Once again the Christmas season reminded me of the tension going on between snail mail and email. Or should I say, between traditional and digital media?
One of my business associates made a passing comment a few days ago about getting a lazy man's Christmas card by email. "Why can't people bother to glue a stamp on an envelope to let me know they have at least gone to some effort to let me know they care!"
Just a short time ago, few people used email because they did not have Internet access. Now most every one in the US has at least one email address.
In fact, SMS mobile phone messaging threatens to supplant email and perhaps even voice communication as a primary means of human communications.
With the lightening speed of new technology adoption comes increasing complexity for not only the marketer but the general population. There are indications that regardless of the generation, there lies a lingering desire for a more personal touch.
The proliferation of faceless social media outlets leaves users unsatisfied by their lack of depth and genuineness in Twitter-like communications. (See great slide presentation on this issue -- Communication Through Social Media).
If anything threatens the continuing growth of social marketing, perhaps it will ultimately come down to digital overoad, sameness and sterility.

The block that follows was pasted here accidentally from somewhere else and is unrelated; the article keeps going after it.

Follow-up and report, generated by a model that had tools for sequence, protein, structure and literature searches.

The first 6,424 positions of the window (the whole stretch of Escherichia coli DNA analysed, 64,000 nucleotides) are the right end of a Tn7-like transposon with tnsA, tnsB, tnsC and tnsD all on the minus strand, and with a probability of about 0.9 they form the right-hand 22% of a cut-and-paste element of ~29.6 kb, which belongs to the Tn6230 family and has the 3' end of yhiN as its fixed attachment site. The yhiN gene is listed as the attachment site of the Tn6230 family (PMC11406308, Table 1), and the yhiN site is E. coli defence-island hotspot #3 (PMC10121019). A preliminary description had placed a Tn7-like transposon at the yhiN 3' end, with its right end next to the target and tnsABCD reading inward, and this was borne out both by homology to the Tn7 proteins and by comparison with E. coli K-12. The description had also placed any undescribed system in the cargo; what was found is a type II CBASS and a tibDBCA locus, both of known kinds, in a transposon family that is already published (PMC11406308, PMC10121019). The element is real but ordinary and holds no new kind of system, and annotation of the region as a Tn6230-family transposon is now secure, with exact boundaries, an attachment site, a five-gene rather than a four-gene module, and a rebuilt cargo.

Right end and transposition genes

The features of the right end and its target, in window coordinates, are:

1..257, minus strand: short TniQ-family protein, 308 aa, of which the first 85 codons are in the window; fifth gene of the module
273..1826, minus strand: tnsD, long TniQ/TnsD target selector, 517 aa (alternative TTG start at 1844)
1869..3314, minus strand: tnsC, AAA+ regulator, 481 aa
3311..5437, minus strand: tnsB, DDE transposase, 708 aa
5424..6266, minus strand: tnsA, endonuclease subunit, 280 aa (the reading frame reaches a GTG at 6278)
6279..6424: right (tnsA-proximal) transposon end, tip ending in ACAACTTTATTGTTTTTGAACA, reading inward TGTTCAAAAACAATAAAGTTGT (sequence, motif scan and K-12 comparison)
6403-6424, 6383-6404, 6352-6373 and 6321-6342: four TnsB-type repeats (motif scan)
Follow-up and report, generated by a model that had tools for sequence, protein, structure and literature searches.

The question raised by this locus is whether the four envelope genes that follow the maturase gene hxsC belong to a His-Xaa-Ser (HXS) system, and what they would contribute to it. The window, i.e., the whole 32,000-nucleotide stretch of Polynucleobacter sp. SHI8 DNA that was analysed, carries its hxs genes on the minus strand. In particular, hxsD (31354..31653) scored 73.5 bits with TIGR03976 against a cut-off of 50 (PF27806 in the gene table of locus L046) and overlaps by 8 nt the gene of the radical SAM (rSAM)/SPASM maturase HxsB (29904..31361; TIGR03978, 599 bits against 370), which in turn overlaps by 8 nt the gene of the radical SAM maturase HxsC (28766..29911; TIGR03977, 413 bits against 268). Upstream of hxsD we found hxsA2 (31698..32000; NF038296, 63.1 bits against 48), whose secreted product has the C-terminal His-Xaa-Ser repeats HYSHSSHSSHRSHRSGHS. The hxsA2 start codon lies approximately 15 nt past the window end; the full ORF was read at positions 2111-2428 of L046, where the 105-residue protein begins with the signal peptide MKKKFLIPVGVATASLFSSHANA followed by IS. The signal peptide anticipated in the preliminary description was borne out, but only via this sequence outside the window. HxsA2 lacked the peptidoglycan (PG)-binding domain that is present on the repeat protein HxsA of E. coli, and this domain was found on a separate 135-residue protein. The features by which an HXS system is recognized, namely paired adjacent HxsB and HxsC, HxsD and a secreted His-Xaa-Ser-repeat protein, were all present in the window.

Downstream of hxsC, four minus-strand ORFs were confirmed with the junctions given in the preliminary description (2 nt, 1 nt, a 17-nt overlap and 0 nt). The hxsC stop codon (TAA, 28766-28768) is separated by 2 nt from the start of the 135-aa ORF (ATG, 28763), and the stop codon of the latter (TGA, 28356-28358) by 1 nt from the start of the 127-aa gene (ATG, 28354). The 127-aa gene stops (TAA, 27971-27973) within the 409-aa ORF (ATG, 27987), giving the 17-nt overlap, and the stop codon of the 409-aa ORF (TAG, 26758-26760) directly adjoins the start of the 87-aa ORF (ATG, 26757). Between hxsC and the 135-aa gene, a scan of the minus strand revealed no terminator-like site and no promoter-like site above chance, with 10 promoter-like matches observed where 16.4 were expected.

With so much demand on content for content's sake, the race is on. Emails, SMS messages and the Internet as a whole actually discourage the creation of great copy or the personal feel.
It helps to have a few minutes to think about the message and create compelling copy!
People everywhere still need time to meditate, read poetry and digest a great book. In fact, the best copywriting in the communications industry still comes from broadcast, direct mail and print advertising.
I think that the higher production costs associated with traditional media make it necessary for advertisers to put their best foot forward.
Digital media, on the other hand, is cheap to distribute and even cheaper to produce when compared to traditional media. The overwhelming low-quality volume coming out of the digital world drowns out the good, the bad and the ugly.
What say you?